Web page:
John Hurt, the widely-admired English actor who rose to fame playing flamboyant gay icon Quentin Crisp, has died aged 77.
There#’s a scene where he’s in the dock, wearing make up (no, not just stage, obviously). Made a hell of an impression if I can recall that all these years later. The character seemed to leap out of the screen*.
Oddly, I always thought he was Irish. Only English in the Peter O’Toole (who may actually have been born in England as well) sense, that the accent was trained.
*Scrolling down the article there’s a photo of it. But I remembered before scrolling down. And that photo does look very odd as well, that microphone is a bit modern for the time it is set isn’t it?
His most memorable dispatch from France came after an unidentified aircraft had aroused a fever of speculation by crashing and scattering grenades across the runway at Orly. For whom was this deadly cargo intended? Ottaway was sent to investigate, and came back with a crisp one-line telegram: “Grenade is French for pomegranate.”
And do note that Puerto Rico result. That Caribbean island remained under that American domination, that cruel capitalism and the chaos of markets. It was never enriched by the scientific planning of socialism. And living standards soared by a factor of 4 while those in Cuba stagnated for 5 decades. And the Cuban system justified itself by freeing Cuba from such American hegemony.
For that Fidel Castro should not be forgiven.
We also need to heed this lesson. Non-market economic systems do not work. We do only have that spectrum available to us, laissez faire all the way to social democracy. Socialism, not even once people, not even once.
Two years later he published The Unhappy Gays in which he argued that though homosexuals were “vile” they could be “cured”. In later life he seems to have moved on from this position, suggesting in an interview that, actually, homosexuals should be put to death, as recommended by the Old Testament.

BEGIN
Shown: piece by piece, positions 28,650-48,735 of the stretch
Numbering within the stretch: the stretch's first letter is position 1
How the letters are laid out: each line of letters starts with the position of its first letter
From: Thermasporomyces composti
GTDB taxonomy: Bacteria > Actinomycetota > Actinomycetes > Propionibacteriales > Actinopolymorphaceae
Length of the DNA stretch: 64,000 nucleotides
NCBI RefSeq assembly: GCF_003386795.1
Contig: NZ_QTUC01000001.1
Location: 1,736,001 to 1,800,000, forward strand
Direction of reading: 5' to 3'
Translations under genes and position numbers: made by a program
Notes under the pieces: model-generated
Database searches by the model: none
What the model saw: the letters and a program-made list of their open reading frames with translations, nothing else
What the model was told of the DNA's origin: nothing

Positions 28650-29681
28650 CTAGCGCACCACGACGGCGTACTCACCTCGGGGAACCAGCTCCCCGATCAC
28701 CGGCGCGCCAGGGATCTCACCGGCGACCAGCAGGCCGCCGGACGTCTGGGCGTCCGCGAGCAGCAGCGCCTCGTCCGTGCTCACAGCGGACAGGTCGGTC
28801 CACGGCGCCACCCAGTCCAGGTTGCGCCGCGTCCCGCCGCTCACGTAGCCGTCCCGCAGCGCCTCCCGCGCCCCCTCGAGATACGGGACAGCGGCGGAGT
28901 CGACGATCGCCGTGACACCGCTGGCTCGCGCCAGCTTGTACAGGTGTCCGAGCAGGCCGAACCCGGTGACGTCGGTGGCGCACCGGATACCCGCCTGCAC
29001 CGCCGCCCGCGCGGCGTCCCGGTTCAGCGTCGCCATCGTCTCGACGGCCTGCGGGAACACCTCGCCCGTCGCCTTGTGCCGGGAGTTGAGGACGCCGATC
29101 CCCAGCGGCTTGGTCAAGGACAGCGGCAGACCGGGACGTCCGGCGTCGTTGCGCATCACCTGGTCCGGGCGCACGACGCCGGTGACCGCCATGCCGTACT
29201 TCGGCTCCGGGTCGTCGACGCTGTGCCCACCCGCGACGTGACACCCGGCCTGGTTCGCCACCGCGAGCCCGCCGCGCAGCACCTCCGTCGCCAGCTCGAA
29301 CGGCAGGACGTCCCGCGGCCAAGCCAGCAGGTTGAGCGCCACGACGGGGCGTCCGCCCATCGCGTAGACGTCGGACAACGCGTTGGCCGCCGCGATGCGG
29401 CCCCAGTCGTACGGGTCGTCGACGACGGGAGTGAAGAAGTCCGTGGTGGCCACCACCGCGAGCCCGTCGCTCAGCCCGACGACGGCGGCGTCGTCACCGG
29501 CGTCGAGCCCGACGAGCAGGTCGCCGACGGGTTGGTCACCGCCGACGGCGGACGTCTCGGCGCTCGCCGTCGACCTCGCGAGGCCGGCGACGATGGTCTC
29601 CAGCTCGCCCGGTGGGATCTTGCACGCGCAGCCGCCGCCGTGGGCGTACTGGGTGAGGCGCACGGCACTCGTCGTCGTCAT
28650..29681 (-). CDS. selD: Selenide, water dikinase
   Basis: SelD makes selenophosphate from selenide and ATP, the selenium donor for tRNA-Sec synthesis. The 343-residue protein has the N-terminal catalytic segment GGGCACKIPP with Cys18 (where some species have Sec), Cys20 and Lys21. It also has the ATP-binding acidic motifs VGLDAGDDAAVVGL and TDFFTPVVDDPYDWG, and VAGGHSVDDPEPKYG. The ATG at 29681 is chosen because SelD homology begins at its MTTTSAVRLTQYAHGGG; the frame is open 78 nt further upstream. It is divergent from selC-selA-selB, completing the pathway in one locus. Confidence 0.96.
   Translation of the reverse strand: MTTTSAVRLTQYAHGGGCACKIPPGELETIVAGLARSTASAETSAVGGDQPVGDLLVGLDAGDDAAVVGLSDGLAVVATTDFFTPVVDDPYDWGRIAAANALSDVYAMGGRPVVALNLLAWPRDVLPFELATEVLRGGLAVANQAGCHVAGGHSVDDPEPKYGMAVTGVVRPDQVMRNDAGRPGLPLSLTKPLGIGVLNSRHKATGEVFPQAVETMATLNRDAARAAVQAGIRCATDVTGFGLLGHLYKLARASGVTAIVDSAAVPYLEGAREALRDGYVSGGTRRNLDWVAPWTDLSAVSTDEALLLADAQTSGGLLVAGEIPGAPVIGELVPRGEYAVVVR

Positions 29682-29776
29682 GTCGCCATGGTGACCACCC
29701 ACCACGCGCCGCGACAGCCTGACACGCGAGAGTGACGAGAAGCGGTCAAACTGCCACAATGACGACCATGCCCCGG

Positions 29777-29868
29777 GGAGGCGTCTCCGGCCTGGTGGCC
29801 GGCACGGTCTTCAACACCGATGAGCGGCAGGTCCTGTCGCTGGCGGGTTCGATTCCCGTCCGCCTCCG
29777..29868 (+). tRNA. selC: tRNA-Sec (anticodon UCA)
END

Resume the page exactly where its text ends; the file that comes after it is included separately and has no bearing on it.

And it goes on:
Yes. Lots of fun:
Not that any of them really need a job because their father’s writing left the family extremely comfortable. The Left Behind series spawned a merchandise industry with CDs, DVDs, clothing, a board game in which players earn “redemption tokens” that can be cashed in for eternal life, and calendars that allow the chosen to count down the days until the rapture.
LaHaye was not thought to be using one of these calenders when he died from a stroke in hospital. Nor were there any reported sightings of his mortal remains lifting off into the sky.
In 2002 he recruited well-known fellow peers to appear in a fundraising West End revue. The End of Peer Show featured Lord Healey (obituary, Oct 5, 2015) in a false moustache, flat cap and brown mac reciting The Lion and Albert and the Marquess of Bath singing The Stately Homes of England.
Among the many extraordinary feats he achieved in his lifetime, the one which his fellow runners remember most fondly concerns his shoelaces. He learnt to tie them without stopping during a record breaking 350 mile run in 1987.
Attrell Cordes was born in 1970, in Jersey City, across the Hudson river from Manhattan. His early life was marred by misfortune — his father died from pneumonia and a third brother drowned at the age of two. Attrell and Jarrett were raised by their mother Janice, a follower of the American spiritualist and mystic Edgar Cayce, and stepfather George Brown, who had played drums in Kool & the Gang.
The brothers sang together in a church choir but by their teens they were hanging out on the street, on the periphery of a netherworld of crime and drugs. “I lived between the yuppies and the killers,” Attrell noted with impressive understatement. “When you’re 14, it’s hard to know how to deal with that sort of thing, but I saw myself slowly becoming an idiot, so I left.”
Two years later he conducted Kenneth McKellar, who came ninth in Luxembourg singing A Man Without Love. McKellar had been persuaded to perform in a kilt, but when the BBC collected feedback from around Europe they found an unexpected comment from Yugoslavia. They thought the entry had been OK, but they felt the lady who sang it looked “rather butch”.
That could well be one of those tales which has improved with the telling of it…..
I bumped into him at The Open at Sandwich a few years ago and noticed he was limping. He’d fallen in a ditch, he said. “Drink taken?” I asked. “Don’t be daft, man,” he said in that lovely Welsh lilt, “who falls in a ditch sober?”